The benefits of swimming are numerous, from a strong core and lower back to an overall body workout. It’s also a great way to burn calories and improve cardiovascular endurance. And for many people, it’s the only form of exercise that works all the major muscles at once. While it might seem daunting to become a competent swimmer, don’t give up if you aren’t zipping down lanes like Katie Ledecky or Michael Phelps after one lesson. Learning to swim takes time and commitment. But with a little perseverance, you’ll be surprised at what your body can do.
If you’re a beginner, you should always be cautious when getting in the water. It’s important to get comfortable by spending time in the shallow end and adjusting to the resistance of the water on your body. You can also practice walking up and down the pool lane in water that doesn’t go higher than your chest.
Once you’re comfortable in the water, you can begin to build your stamina by gradually increasing how long and often you swim. It’s also a good idea to try different drills, so you don’t get bored. Adding variety will help keep your workouts interesting, so you’ll look forward to going to the pool.
It’s important to be aware of your surroundings, especially if you are swimming outdoors or at a public pool. Rip currents can pull swimmers away from the shore, and you should never swim in an area where there’s a risk of lightning. If you are at a public pool, make sure to check with the lifeguards to see if any areas of the pool have been closed due to dangerous conditions.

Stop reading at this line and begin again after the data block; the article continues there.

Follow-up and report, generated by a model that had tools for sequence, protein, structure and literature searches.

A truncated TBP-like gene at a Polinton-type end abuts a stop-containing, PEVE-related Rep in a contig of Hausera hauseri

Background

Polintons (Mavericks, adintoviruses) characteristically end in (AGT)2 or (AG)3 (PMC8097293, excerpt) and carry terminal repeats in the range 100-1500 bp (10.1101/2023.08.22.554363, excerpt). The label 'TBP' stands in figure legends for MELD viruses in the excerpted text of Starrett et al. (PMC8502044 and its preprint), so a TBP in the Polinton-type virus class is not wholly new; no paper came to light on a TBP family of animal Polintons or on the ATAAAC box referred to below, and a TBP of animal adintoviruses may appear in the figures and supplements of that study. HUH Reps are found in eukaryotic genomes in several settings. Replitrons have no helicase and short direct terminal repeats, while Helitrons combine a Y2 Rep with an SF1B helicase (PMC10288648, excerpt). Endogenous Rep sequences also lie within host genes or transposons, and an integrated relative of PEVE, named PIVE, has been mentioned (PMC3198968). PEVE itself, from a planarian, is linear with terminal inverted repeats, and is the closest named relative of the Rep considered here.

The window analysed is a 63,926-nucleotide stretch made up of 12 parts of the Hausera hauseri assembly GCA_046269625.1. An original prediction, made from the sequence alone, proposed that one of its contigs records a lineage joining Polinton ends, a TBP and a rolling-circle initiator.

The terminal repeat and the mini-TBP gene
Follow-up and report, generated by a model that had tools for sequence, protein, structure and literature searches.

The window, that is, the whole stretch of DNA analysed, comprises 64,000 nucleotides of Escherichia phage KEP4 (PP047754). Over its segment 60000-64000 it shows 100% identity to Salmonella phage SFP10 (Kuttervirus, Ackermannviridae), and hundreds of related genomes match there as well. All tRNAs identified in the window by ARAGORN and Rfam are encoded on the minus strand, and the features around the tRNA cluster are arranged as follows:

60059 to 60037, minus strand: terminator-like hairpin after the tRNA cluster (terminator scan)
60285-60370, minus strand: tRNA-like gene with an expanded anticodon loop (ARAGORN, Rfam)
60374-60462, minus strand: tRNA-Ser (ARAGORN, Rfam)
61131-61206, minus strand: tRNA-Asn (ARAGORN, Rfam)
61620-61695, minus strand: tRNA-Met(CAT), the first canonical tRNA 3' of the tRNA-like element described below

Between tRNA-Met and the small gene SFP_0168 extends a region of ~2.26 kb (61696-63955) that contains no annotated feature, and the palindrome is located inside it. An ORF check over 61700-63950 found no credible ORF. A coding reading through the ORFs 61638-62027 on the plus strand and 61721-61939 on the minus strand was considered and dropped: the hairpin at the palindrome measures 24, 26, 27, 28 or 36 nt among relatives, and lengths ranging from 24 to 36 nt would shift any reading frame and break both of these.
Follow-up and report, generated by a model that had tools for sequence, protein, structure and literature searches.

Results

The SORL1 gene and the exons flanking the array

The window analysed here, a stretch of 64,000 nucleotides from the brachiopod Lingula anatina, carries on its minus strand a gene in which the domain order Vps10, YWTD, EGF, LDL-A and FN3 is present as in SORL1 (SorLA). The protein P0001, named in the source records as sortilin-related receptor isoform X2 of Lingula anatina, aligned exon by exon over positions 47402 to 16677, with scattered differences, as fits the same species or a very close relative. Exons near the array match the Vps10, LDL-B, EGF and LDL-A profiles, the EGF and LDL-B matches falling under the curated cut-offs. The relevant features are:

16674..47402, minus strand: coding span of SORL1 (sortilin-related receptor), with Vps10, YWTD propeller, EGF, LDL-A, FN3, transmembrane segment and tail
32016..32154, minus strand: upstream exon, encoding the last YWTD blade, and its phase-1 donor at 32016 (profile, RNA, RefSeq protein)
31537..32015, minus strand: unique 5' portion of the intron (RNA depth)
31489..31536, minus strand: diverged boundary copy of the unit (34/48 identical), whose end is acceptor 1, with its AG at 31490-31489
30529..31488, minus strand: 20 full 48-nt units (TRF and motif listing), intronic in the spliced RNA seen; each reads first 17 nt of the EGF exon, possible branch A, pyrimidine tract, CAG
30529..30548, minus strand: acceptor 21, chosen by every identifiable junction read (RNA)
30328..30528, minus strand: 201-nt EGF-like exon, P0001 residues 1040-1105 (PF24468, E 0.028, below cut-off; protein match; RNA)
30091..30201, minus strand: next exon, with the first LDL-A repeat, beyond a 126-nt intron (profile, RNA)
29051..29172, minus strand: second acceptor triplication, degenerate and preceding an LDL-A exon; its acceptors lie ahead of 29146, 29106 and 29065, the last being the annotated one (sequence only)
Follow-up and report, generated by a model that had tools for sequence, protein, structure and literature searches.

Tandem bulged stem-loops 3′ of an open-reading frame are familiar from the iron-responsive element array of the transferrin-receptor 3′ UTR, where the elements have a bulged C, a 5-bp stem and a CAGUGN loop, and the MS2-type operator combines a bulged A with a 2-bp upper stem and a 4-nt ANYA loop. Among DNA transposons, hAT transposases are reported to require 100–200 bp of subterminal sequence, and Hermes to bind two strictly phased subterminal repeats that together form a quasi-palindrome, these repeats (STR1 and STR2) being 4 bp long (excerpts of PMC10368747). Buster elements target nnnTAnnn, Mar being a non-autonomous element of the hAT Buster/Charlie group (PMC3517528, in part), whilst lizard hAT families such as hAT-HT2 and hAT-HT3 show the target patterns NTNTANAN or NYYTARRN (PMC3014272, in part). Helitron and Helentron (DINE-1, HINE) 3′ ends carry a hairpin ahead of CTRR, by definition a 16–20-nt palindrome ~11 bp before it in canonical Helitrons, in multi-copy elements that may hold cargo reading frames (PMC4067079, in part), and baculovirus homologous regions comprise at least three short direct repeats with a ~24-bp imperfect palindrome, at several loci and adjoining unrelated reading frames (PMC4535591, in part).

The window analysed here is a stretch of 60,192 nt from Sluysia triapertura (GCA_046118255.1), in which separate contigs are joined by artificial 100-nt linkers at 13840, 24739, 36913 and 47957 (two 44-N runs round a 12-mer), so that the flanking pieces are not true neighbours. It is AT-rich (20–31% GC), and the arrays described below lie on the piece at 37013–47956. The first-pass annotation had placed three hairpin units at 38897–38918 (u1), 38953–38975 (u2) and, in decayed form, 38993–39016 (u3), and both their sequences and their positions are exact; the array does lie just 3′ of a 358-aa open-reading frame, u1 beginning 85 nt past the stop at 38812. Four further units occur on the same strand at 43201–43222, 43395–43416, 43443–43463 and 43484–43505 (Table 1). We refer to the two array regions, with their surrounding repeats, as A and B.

The first step to improving your strokes is to find a coach or group class that can teach you the basics of freestyle, breaststroke and butterfly. Then, work on perfecting your technique. As you improve, you can start to think about trying some competitions.
Swimming is a full-body workout that can burn up to 500 calories per hour. It can also strengthen a variety of muscles, including the triceps brachii, latissimus dorsi and quadriceps. However, it’s important to be careful and not overtrain your muscles.
If you’re new to swimming, it’s a good idea to talk to your doctor before starting a swim routine. Swimming is a great cardiovascular workout, but it can also be challenging for some people with certain health issues. If you have a chronic condition, such as diabetes or high blood pressure, speak with your doctor to make sure it’s safe for you to swim. It’s also a good habit to brush your teeth before heading to the pool, and be sure to shower before you get into the water. This helps to prevent a dry mouth that could lead to cramping or other problems. If you’re having trouble breathing while exercising in the water, take a break. This will help your body recover, and you’ll be able to swim more comfortably.